Beyond the Hype: Understanding the Reality of Software Development - No Silver Bullets

Understanding the Reality of Software Development – No Silver Bullets

Building software will always be hard. There are no silver bullets in software development.

As a software engineer, you must know the essence of modern software systems:

  • Complexity
  • Conformity
  • Changeability
  • Invisibility
  • Time-sharing
  • Validation & Verification
  • Workstations

Complex programming projects cannot be perfectly partitioned into discrete tasks that can be worked on without communication between the workers and without establishing a set of complex interrelationships between tasks and the workers performing them.

The essence of a software entity is a construct of interlocking concepts: data sets, relationships among data items, algorithms, and invocations of functions. This essence is abstract in that such a conceptual construct is the same under many different representations. It is nonetheless highly precise and richly detailed.

The complexity of software is an essential property, not an accidental one. Hence, descriptions of a software entity that abstract away its complexity often abstract away its essence.

The software entity is constantly subject to pressure for change. Of course, so are buildings, cars, computers. All successful software gets changed.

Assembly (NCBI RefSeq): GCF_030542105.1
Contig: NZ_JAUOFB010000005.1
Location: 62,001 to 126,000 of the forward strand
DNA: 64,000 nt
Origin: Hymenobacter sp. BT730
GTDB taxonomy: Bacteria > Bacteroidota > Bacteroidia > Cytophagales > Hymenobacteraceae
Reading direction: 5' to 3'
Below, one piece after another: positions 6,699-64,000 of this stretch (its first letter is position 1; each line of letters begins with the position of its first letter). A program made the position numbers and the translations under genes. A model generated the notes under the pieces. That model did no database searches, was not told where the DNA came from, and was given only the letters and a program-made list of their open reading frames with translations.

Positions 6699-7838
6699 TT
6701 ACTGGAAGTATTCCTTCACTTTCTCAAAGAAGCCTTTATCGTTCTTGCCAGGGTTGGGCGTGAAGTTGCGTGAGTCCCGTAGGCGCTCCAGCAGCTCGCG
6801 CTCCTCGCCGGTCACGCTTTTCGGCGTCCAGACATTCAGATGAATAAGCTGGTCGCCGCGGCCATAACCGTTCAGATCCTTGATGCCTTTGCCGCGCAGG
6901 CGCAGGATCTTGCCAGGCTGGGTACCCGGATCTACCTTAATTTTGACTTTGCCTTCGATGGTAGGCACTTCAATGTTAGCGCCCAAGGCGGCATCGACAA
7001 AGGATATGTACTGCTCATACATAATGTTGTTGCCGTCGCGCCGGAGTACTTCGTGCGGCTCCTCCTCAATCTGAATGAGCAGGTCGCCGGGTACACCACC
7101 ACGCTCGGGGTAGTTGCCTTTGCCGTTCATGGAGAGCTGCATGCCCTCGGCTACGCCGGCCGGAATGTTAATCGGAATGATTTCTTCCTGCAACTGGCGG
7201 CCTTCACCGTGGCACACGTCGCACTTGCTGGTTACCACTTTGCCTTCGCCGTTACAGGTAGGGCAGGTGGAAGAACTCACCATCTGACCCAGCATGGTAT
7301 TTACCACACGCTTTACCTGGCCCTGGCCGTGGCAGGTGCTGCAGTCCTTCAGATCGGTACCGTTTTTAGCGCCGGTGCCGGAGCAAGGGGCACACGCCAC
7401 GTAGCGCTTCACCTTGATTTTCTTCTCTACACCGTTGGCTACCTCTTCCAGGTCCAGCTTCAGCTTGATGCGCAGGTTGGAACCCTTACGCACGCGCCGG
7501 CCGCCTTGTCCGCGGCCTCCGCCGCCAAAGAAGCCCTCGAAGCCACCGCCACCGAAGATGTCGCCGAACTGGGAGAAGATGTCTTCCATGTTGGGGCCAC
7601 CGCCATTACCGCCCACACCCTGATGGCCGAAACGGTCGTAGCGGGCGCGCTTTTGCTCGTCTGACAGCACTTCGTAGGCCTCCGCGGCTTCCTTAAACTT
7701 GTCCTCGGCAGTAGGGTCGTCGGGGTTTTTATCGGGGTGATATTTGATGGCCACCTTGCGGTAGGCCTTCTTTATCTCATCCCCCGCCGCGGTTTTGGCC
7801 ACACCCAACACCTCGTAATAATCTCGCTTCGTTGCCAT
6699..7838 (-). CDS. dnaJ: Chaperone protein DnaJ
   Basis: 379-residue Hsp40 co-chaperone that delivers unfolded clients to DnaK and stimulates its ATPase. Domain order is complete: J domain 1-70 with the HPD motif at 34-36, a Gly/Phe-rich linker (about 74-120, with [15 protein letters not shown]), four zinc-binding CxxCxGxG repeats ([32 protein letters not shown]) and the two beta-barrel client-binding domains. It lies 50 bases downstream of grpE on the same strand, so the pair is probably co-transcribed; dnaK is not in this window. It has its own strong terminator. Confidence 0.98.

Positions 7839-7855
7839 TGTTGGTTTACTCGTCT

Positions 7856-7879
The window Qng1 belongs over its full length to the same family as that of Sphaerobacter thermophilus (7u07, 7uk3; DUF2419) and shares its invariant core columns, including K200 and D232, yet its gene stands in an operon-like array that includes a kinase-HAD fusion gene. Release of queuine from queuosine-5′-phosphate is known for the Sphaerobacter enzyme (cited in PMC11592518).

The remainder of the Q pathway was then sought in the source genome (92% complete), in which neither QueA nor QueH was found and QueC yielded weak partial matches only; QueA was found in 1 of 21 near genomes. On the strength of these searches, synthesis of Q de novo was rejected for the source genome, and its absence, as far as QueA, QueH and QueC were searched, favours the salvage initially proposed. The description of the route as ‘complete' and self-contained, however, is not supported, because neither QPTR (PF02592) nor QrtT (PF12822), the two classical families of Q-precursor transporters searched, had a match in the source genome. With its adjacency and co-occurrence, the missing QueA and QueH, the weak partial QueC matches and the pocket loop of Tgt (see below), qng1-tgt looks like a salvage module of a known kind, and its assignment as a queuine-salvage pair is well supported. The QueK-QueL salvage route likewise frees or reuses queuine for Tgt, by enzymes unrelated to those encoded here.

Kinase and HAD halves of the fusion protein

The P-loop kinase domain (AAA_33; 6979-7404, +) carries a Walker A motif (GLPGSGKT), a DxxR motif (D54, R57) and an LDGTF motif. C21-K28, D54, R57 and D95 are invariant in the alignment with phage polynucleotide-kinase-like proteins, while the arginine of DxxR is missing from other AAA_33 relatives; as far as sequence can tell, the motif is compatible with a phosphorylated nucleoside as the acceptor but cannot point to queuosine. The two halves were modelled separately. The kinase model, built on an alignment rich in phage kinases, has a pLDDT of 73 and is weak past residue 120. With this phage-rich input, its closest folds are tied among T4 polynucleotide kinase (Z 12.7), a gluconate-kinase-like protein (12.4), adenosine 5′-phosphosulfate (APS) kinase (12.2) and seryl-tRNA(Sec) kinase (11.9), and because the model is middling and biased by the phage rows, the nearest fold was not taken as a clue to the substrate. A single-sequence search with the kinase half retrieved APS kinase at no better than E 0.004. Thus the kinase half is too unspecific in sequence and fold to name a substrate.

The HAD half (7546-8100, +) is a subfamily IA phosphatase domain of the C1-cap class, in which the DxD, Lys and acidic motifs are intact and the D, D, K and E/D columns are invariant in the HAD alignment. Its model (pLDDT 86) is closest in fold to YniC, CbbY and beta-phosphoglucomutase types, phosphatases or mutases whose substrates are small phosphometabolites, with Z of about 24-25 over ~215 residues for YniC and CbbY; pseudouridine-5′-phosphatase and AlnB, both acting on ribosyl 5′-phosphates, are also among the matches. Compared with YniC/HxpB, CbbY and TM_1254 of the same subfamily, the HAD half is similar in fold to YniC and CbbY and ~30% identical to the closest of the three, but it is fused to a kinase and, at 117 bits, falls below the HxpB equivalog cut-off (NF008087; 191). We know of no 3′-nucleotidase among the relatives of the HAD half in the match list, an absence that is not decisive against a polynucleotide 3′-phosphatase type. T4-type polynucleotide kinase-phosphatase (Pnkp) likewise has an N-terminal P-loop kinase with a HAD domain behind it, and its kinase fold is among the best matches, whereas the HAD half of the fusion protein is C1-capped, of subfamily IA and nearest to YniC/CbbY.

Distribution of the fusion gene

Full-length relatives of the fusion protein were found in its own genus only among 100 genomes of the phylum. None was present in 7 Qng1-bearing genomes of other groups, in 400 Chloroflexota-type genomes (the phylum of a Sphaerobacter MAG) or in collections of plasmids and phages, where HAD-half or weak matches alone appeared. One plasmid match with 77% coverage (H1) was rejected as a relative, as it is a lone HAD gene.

**Software is invisible **and unvisualizable. For decades, people have been anticipating and writing about “automatic programming”.

**Time-sharing **brought a major improvement in the productivity of programmers and in the quality of their product, although not so large as that brought by high-level languages.

Much of the effort in modern programming goes into testing and the repair of bugs. Is there perhaps a silver bullet to be found by eliminating the errors at the source, in the system-design phase?

Program verification is a very powerful concept, and it will be very important for such things as secure operating-system kernels. The technology does not promise, however, to save labor. Verifications are so much work that only a few substantial programs have ever been verified.

More powerful workstations we surely welcome. Magical enhancements from them we cannot expect.

Even though no technological breakthrough promises to give the sort of magical results with which we are so familiar in the hardware area, there is both an abundance of good work going on now, and the promise of steady, if unspectacular progress.
All of the technological attacks on the accidents of the software process are fundamentally limited by the productivity equation:

The productivity, P, of a group of people is:
P = N x T x (0.55 – 0.00005 x N x (N – 1))


N is the number of people in the group, and

T is the number of hours in a work period.

If, as I believe, the conceptual components of the task are now taking most of the time, then no amount of activity on the task components that are merely the expression of the concepts can give large productivity gains.

Hence we must consider those attacks that address the essence of the software problem, the formulation of these complex conceptual structures. Fortunately, some of these attacks are very promising.

P.S. This is an excerpt from my latest book The Prime Guide For Next-Gen Developer.

It’s available for pre-order now.

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